A?typical Mormon Background

I don’t think the “Typical Mormon Family” really exists. . . but if it did, my family and childhood wouldn’t fall into that category.

Mom in her third marriage, my father in his second, I was born the second of three daughters (the first from a previous marriage).  There were eight years between my older sister and I and two between me and the younger.  I don’t think you could find three sisters more different.

As a hair dresser my mother worked full-time and Dad was a very part-time stay at home dad.  A few months after birth I went to the babysitter’s who potty trained me.  I had babysitters all of my childhood, full-time in the summers and after school to 5pm until I was twelve.  When I did come home after school I watched soap operas, talk shows, MTV and played video games.

My mother was raised LDS.  My father was a convert and active when I was eight years old.  He baptized me.  Our family also got sealed together in the temple that same year (minus my older sister).

However, my father wasn’t always active and during my teen years rarely attended church.  My mother ensured that my little sister and I did.  I loved church, had a testimony, sang in the choir and attended the activities but do remember a phase when I went unwillingly, mostly because I didn’t want to wear a dress.

I didn’t have any long-lasting LDS girlfriends.  My best friends were guys.  Though in high school that all faded out and I was fairly friendless.  There was one (non-LDS) friendship that was on and off again from elementary school through graduation.  I considered her my “best friend”.  I did go to youth activities and early morning seminary but didn’t graduate all four years because I was lazy and preferred sleep.

My younger sister wasn’t too keen on the church thing, nor was my older sister but she only lived with us for a few years.  Neither are active in the church today.  We rarely had “Family Home Evening” or family prayer and my dad didn’t really care one way or another about our church activity or early morning seminary attendance.  The only reason he would tell us to do it was because he knew it was important to Mom.

We did eat together as a family every night.  My parents worked hard to go to all of our extra curricular activity functions.  They asked us about school, stuck up for us when bullied, let us have friends over, and hosted sleep overs.  We had regular family outings and vacations.   My parents rarely went out for dates but stayed home with us.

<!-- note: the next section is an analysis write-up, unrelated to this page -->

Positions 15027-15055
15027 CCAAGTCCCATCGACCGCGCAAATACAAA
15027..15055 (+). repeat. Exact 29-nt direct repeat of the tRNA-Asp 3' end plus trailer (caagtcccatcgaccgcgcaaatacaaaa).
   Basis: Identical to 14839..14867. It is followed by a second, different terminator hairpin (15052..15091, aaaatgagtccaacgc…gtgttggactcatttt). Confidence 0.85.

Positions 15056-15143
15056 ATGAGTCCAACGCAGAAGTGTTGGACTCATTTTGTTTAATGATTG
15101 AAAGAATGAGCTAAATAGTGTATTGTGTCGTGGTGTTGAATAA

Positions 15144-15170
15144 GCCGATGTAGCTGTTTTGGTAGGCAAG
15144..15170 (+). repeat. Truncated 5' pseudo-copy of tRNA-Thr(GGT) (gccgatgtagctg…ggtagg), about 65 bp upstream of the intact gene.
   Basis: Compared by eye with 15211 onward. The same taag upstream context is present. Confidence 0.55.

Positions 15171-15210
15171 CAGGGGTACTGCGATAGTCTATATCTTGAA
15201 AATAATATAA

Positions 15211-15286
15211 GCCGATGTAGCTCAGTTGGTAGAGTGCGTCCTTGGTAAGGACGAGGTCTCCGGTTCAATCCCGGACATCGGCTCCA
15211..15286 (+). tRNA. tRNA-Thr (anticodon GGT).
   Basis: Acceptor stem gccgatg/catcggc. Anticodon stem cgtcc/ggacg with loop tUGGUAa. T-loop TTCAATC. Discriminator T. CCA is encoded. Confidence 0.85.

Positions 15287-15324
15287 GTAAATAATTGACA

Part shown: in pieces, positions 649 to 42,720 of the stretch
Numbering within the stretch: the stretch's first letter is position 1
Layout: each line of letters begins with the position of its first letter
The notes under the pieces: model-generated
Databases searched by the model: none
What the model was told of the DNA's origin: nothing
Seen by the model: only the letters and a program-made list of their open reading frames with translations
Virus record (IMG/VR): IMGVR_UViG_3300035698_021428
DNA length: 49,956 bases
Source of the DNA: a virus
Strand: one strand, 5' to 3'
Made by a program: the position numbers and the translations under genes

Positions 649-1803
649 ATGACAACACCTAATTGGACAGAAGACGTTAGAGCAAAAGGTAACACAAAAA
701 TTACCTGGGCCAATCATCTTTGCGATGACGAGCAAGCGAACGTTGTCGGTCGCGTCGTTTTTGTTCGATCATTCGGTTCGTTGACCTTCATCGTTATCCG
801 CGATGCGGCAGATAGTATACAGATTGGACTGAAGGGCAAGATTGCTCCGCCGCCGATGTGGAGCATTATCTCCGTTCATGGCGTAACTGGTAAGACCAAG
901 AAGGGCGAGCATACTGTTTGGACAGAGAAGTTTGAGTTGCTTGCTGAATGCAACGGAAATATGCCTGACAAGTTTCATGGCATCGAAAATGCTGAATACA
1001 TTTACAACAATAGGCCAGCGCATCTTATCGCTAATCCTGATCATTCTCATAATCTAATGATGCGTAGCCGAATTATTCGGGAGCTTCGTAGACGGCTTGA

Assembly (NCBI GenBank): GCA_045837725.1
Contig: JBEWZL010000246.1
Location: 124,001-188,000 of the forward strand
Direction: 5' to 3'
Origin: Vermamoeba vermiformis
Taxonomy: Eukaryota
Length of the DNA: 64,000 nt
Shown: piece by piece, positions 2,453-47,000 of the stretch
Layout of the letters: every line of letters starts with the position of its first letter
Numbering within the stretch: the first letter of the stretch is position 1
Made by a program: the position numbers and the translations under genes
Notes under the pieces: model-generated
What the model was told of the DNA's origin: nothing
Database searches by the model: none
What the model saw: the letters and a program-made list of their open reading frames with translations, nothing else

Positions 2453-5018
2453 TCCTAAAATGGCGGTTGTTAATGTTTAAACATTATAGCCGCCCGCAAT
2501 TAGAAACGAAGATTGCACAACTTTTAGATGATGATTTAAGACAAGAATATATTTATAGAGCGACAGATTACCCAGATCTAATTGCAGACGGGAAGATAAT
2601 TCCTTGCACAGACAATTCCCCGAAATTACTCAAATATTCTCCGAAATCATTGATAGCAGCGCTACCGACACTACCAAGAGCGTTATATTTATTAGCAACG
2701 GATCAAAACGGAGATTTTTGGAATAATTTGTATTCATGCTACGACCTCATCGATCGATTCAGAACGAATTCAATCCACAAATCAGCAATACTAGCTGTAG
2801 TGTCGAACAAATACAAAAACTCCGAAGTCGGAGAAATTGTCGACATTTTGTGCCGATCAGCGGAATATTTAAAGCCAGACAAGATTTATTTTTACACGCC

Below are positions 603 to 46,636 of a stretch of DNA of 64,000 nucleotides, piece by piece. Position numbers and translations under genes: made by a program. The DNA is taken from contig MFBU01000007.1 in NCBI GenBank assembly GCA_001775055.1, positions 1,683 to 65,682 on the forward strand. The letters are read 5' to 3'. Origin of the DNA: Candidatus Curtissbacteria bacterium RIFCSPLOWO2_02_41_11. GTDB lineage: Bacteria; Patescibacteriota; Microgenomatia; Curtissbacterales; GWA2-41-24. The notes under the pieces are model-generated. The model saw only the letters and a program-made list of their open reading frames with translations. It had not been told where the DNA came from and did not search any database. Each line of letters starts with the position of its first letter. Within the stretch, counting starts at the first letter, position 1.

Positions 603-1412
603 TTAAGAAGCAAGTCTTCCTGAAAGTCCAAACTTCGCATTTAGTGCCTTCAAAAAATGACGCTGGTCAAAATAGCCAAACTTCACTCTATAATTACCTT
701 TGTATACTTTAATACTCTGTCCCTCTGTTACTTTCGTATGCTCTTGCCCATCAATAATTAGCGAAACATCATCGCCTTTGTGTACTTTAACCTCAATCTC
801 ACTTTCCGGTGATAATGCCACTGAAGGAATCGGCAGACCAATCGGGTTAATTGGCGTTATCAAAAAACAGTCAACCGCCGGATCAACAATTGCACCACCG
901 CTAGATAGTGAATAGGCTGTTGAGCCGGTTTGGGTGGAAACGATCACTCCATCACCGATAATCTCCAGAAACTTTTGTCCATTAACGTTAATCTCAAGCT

My mother did community plays and musicals with us.  She’s my best friend.  My dad took us hiking and horse back riding.  We often went on family walks after dinner and Dad would tell us childhood stories before bed.  They were also fairly strict and enforced high standards.  The neighborhood kids referred to my dad as “overprotective” and most of them were afraid of him (though he’s really a big teddy bear).  He didn’t let me date until I was 17 (which is not a Mormon thing).

I didn’t go to a Church college (though I would have liked to) because we couldn’t afford it and I didn’t realize I needed to save up for it.  I did marry a LDS return missionary who I met in the local singles ward.  We married in the temple (my dad and sisters couldn’t be in there with us).  I was barely 20 and he 21.  We had our first child a year later.  I’m still trying to get my college education, and my husband his, while raising three beautiful children.  We’re getting there.

I had a great childhood but it wasn’t what you would call “typically Mormon”.  There was function and dysfunction like anywhere else and life was only Mormon 24/7 if you made it a personal priority.  The family certainly wasn’t pushing for it.

-Chickout 😉

  1. Cynthia-
    I feel ya. It didn’t bother me too much though because I wasn’t very interested in dating – and honestly, dating wasn’t very interested in me either. (Win, win?) 😉

  2. The not dating til 17 thing must have been our dads’ side thing (withholding last name) cuz it was the same for me..actually I think my dad was stricter b’cuz I think I had to wait until I was 18/in college.

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